How is paint made…?
With your newly painted walls completed, have you ever sat back and wondered what was in the paint that now covers your home? The combination that forms paint is a mixture of ingredients, chemicals, and pigments. While there a vast variety of paint products offered on the market today, the different components that make up the products can impact the outcome of your redesigned space. Here is what to you need to know about how paint is made; all paints generally have four main ingredients – pigments, binders, solvents (liquids), and additives.
The pigments within paint are finely ground particles that provide the color. Generally, there are both prime pigments and extender pigments mixed within the paint. Prime pigments contribute to both the wet qualities and the dry qualities in paint, and prime pigments also have two categories as well – organic and man-made.
Organic colorant pigments provide brighter colors, such as yellow and blue. However, they are not very durable for exterior paint application.
Man-made colorant pigments are duller, earthy, neutral colors, which are durable for exterior paint application. Examples of these kinds of pigments are brown, sage green, and tan.
Besides prime pigments, there are also extender pigments. These are lower cost than the prime and add extra weight and bulk to the paint. Extenders help with the appearance of gloss on the surface of the paint and provide extra surface coats for areas of abrasion resistance. Commonly used extenders are clay, silica, diatomaceous silica, calcium carbonate, talc, and zinc oxide.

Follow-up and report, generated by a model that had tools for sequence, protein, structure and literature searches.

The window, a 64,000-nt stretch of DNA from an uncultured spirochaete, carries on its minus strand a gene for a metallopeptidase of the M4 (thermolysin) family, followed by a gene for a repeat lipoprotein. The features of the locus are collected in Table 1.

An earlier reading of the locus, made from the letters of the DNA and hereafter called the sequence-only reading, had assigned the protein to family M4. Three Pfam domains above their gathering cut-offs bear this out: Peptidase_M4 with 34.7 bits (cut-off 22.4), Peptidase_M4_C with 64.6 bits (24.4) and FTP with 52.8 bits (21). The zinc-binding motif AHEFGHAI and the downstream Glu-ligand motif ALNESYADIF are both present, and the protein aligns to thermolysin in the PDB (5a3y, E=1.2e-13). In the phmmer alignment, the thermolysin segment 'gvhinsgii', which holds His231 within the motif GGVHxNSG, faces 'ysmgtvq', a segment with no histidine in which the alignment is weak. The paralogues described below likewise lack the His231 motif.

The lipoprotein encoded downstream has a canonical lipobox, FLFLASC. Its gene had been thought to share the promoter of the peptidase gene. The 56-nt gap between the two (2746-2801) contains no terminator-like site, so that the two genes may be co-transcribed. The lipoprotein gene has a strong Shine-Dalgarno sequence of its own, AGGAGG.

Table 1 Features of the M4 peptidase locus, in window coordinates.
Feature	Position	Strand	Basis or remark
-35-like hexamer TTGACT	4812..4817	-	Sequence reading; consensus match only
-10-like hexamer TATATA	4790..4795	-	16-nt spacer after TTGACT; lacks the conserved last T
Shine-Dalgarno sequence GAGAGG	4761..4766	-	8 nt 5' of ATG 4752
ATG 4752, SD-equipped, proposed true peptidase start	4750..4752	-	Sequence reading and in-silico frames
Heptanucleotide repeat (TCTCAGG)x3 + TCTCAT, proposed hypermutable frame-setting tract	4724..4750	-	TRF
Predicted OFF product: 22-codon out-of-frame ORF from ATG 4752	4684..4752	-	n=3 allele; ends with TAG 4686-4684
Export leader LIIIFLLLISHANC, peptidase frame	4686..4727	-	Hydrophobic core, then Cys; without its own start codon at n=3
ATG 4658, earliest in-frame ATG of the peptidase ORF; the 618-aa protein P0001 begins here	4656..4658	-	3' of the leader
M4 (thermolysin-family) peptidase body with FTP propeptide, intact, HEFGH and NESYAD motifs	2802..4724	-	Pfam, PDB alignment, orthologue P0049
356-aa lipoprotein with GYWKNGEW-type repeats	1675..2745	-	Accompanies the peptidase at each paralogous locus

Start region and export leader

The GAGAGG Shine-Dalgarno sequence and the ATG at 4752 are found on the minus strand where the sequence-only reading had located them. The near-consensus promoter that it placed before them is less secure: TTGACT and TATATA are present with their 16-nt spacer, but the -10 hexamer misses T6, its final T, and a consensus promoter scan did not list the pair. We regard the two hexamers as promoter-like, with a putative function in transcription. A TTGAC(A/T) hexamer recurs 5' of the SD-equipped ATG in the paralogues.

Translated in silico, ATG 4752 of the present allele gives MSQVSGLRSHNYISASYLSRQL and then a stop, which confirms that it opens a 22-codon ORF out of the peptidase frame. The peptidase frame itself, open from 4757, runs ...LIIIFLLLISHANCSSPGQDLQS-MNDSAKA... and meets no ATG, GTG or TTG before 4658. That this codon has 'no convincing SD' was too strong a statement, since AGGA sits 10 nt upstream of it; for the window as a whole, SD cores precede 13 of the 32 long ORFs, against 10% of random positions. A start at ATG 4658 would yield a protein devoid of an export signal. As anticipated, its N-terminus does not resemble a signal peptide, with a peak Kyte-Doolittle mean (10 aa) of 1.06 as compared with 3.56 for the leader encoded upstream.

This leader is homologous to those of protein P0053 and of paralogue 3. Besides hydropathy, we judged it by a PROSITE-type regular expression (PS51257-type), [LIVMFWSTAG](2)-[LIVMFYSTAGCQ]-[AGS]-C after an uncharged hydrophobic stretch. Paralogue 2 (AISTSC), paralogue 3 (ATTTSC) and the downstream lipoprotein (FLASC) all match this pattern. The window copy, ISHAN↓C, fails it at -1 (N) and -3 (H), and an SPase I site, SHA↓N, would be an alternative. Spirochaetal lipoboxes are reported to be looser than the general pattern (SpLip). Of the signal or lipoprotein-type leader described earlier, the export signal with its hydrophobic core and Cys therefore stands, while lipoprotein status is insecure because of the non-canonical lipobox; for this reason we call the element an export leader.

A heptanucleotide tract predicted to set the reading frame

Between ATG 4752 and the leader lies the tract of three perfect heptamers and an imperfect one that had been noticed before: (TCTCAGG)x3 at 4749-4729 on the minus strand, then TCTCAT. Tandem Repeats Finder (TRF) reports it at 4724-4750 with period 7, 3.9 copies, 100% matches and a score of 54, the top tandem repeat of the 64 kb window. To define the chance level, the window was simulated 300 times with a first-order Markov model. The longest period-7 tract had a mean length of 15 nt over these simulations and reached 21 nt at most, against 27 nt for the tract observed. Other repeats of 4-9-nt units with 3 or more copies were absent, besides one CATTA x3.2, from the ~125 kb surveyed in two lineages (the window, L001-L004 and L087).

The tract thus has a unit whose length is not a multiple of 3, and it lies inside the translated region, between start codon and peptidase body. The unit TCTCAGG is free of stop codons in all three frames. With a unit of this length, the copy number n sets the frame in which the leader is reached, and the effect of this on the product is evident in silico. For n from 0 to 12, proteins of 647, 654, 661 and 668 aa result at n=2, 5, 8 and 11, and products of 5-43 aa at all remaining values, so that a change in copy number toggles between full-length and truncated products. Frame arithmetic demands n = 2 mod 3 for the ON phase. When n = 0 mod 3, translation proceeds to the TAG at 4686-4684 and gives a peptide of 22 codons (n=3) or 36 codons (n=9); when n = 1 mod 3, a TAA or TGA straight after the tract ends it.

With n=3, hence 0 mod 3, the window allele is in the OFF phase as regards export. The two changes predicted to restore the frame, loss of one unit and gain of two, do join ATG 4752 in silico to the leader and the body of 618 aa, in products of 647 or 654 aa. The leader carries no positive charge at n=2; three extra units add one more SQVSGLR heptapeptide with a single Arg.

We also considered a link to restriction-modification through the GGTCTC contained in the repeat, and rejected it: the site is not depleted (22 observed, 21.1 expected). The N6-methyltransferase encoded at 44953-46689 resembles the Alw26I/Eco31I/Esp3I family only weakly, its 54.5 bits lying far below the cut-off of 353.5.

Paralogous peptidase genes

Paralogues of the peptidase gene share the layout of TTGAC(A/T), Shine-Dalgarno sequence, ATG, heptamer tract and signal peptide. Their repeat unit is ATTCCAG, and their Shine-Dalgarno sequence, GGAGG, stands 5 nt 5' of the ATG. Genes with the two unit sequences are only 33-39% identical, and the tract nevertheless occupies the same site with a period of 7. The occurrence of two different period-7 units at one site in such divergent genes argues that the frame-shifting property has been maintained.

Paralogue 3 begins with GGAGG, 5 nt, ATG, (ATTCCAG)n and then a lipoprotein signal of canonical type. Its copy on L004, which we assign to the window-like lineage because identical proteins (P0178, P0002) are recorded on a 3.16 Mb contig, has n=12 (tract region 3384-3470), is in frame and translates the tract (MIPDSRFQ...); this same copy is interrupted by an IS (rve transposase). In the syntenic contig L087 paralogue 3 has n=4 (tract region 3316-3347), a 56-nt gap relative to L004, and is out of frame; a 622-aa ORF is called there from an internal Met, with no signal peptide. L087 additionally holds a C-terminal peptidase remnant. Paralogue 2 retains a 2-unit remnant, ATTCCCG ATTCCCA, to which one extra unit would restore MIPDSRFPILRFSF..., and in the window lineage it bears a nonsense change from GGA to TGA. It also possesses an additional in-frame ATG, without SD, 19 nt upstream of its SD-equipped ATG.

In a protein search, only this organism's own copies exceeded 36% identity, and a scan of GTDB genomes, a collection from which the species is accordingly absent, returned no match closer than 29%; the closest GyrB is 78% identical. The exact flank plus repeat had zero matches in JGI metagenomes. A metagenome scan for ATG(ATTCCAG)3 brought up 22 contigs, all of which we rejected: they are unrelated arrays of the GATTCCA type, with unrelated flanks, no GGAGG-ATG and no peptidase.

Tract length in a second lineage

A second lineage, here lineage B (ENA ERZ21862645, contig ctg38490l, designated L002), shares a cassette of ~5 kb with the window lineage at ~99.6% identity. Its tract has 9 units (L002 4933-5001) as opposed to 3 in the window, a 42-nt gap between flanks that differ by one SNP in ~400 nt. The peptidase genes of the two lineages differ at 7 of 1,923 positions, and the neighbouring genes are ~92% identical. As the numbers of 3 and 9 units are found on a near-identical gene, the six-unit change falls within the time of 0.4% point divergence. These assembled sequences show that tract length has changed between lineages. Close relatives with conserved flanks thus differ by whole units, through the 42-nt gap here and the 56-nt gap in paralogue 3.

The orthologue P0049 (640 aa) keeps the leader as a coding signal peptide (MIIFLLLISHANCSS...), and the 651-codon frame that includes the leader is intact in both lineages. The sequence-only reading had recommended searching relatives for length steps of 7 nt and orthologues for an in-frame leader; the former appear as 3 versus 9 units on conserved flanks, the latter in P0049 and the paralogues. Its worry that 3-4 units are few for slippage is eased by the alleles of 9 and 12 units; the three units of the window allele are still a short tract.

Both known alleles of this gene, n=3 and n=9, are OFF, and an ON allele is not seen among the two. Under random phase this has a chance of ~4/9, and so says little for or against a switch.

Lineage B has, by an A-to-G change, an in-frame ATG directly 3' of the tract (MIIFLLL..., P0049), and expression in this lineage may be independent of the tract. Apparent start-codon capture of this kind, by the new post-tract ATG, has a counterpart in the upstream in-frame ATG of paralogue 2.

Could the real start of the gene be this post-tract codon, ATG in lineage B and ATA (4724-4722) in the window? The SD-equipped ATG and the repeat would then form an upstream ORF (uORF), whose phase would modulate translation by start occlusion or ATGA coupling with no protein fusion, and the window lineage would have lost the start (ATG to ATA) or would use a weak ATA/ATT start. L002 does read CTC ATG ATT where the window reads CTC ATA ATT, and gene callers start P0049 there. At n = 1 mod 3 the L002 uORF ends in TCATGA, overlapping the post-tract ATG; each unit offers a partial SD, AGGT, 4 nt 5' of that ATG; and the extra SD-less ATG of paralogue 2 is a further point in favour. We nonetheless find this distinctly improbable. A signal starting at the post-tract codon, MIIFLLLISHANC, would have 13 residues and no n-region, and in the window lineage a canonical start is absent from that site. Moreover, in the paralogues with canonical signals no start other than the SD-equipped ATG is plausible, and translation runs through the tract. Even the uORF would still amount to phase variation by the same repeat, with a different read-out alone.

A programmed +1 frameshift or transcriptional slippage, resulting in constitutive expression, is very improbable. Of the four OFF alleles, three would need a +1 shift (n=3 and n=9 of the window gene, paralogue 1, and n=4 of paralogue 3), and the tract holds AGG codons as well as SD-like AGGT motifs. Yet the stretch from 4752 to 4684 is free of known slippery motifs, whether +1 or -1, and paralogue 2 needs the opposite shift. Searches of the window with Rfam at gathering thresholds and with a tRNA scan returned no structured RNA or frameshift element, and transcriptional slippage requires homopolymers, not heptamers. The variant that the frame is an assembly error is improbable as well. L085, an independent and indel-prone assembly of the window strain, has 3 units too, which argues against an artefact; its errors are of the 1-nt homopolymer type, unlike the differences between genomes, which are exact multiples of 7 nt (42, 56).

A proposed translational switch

Binders are the next element of paint, and they provide a binding effect that holds the pigments together to create a dry film on the surface. A paints binder is the key ingredient that directly relates to the performance of the paint, such as adhesion, washability, scrub resistance, fade resistance, and gloss retention.
Oil based binders are made from various oil derivatives, and dry to a very hard finish and provide superior adhesion. Another name for a paint binder is resin.
Solvents, or liquids, are how the paint gets from the can to the surface, and the type of liquids differ depending on the type of paint. In oil-based paints, the liquid is typically paint thinner, while in latex paint, the liquid is primarily water.
Higher quality paints allow for more solids, typically 35-40% depending on the gloss level. Solvents indicate how much paint will remain on the surface, and the overall paint quality and performance is directly connected to the makeup of the paint solvents.
Additives are used in paints to create additional performance properties and the most used are thickening agents, surfactants or soaps, biocides, defoamers, and co-solvents. All of these in some way provide properties that help make the paint better, such as adding thickness, providing paint stability to prevent separation, keep bacteria from growing, and assisting the binders to form a good topcoat film on the surface.
Combining the ingredients
There are a few critical parts in the paint manufacturing process. This includes the measurement of ingredients, preparation and pigment dispersion, laboratory testing, and canning. First, the ingredients are measured and weighed on scales, and pigments are added. The pigment powders are often small and stick together, so they are broken down with the resin binder and additives in a process called dispersion. Industrial paint mixer machines are also used to combine and disperse the pigments on a professional standard.
Get to painting!
Now that you know what is in paint and how the ingredients work together to make the perfect coat of paint, call Nevada Painting Company today to get it in your home. With over 15k painted homes, an on-site foreman on every job, a home diagnostic progress, and a color consultant to help with every color selection, Nevada Painting Company is the best in the business. Plan your paint job today!